A deep depression formed over the Arabian Sea, around 760 km south-southwest of Mumbai, on Monday afternoon, which is likely to bring heavy to very heavy rain in parts of Kerala, coastal and south interior Karnataka, Konkan region, Goa and the Lakshadweep islands, a bulletin of the India Meteorological Department stated Monday.
The system will intensify into a cyclonic storm by Tuesday afternoon and a severe cyclonic storm with wind speed of up to 115 kmph in the next 24 hours, the India Meteorological Department (IMD) warned.
“The deep depression is currently away from the coast and travelling north-northwestwards. It is being closely monitored by IMD and might make landfall in Gujarat, but even if it does not, it is close enough to the landmass that the impact of cyclone will be felt along the Western coast,” said Dr K Sathi Devi, a scientist at the IMD.
Under the influence of the low-pressure system, monsoon advancement will be delayed once it intensifies into a cyclonic storm, she said.
Monsoon hit Kerala on Saturday after a week-long delay.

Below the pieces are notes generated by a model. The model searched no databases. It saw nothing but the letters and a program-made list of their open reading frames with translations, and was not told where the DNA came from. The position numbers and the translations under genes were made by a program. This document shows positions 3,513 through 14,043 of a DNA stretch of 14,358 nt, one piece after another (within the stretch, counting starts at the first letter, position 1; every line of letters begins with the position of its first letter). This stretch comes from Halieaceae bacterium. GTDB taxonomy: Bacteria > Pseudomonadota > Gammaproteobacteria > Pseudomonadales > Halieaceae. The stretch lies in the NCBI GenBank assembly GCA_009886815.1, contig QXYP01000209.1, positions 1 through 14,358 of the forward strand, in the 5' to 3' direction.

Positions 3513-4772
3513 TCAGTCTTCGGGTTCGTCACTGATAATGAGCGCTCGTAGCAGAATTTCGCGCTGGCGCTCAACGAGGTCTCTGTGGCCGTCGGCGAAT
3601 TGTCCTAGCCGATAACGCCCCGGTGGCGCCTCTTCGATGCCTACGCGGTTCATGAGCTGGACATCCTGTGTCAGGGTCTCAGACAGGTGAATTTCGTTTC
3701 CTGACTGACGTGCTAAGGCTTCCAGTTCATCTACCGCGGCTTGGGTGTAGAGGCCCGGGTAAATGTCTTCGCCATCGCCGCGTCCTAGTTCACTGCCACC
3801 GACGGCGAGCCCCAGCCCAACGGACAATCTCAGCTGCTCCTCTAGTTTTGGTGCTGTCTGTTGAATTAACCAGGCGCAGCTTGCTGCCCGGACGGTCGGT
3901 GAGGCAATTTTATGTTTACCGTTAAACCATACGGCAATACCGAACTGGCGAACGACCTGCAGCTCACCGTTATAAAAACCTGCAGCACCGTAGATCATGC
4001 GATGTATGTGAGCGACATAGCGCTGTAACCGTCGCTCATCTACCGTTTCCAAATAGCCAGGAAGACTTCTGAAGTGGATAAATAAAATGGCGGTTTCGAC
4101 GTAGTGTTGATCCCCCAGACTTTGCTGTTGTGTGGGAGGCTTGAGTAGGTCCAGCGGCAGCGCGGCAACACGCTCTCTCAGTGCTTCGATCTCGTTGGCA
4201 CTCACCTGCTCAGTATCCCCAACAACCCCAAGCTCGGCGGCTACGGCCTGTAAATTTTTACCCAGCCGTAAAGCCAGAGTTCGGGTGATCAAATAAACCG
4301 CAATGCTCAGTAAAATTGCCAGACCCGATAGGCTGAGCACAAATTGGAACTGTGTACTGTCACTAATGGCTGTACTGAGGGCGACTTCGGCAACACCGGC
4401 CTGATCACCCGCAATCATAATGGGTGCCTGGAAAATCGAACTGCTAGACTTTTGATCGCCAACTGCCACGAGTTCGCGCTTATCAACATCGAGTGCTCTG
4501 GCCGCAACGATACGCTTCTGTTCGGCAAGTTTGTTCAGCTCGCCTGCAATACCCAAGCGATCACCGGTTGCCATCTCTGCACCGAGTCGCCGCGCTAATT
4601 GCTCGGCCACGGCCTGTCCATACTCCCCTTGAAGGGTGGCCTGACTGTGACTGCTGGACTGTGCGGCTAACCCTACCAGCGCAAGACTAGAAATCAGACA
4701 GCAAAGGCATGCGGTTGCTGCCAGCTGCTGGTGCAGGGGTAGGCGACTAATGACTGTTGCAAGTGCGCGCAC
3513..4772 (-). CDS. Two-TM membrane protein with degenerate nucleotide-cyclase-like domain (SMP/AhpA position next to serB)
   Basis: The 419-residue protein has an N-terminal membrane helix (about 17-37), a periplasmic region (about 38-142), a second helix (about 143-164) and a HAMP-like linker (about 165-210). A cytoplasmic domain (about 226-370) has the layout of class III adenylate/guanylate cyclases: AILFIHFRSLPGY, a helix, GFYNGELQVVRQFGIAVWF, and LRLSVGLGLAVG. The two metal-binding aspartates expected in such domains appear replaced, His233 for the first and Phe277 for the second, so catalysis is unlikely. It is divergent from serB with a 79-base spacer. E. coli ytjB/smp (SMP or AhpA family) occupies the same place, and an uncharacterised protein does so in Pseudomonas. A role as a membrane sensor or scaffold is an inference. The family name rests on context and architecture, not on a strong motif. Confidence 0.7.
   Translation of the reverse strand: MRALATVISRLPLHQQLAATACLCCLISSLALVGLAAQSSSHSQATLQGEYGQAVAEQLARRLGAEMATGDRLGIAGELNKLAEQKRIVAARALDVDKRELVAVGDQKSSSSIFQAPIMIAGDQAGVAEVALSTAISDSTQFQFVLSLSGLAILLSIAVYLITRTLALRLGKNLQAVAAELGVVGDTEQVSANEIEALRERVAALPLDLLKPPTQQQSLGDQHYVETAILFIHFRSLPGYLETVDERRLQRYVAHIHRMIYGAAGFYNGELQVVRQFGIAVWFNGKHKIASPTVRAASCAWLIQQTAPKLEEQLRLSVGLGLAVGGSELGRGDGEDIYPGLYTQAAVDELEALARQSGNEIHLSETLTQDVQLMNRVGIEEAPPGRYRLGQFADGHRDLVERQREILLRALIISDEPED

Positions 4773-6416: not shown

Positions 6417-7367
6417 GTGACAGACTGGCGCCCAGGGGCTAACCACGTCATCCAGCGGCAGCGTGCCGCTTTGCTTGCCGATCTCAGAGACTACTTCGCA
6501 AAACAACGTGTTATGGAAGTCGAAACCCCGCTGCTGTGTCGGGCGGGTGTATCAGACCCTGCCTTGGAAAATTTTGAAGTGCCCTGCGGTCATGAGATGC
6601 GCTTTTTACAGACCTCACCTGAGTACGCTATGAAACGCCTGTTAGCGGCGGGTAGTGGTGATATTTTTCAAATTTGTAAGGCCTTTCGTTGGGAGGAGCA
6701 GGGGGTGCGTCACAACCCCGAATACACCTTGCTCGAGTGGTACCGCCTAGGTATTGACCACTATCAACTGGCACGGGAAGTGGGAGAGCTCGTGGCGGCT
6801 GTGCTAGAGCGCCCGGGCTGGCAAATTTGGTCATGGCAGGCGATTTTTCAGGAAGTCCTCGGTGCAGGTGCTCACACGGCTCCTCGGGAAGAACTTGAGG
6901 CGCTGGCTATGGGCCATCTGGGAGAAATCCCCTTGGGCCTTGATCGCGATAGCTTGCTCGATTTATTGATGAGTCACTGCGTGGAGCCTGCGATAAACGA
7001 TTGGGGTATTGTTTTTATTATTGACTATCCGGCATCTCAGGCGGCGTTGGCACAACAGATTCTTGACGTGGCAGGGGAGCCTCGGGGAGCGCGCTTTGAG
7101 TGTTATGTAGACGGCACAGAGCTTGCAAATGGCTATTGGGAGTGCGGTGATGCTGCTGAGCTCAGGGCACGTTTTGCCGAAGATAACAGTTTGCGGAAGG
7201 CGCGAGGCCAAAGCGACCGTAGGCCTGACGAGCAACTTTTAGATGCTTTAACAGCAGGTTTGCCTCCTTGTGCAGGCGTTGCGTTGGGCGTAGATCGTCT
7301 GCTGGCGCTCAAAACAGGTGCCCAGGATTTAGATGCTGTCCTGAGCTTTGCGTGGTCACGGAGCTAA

“When such an intense low-pressure system forms, it pulls in all the moisture-bearing winds towards it, changing the course of the monsoons. Because of the changes in the wind directions, most of the rain from the southwest monsoon will be over the oceans and some areas in the western coast,” Devi said.
The cyclone is likely to be named on Tuesday as it develops into a storm.
Monsoon activity in the southern peninsula will pick up once the low-pressure system moves towards the Gujarat coast. “The cyclonic storm forming over the Arabian Sea will bring heavy rainfall to the Western coastal areas. But, it has affected the progress of monsoon, which was delayed anyway this year. By now, it should have reached Andhra Pradesh and Telangana. The monsoon rains in the interior of the peninsula should pick up after about 48 hours when the cyclonic storm moves towards Gujarat,” said Mahesh Palawat, vice-president, meteorology and climate change at Skymet.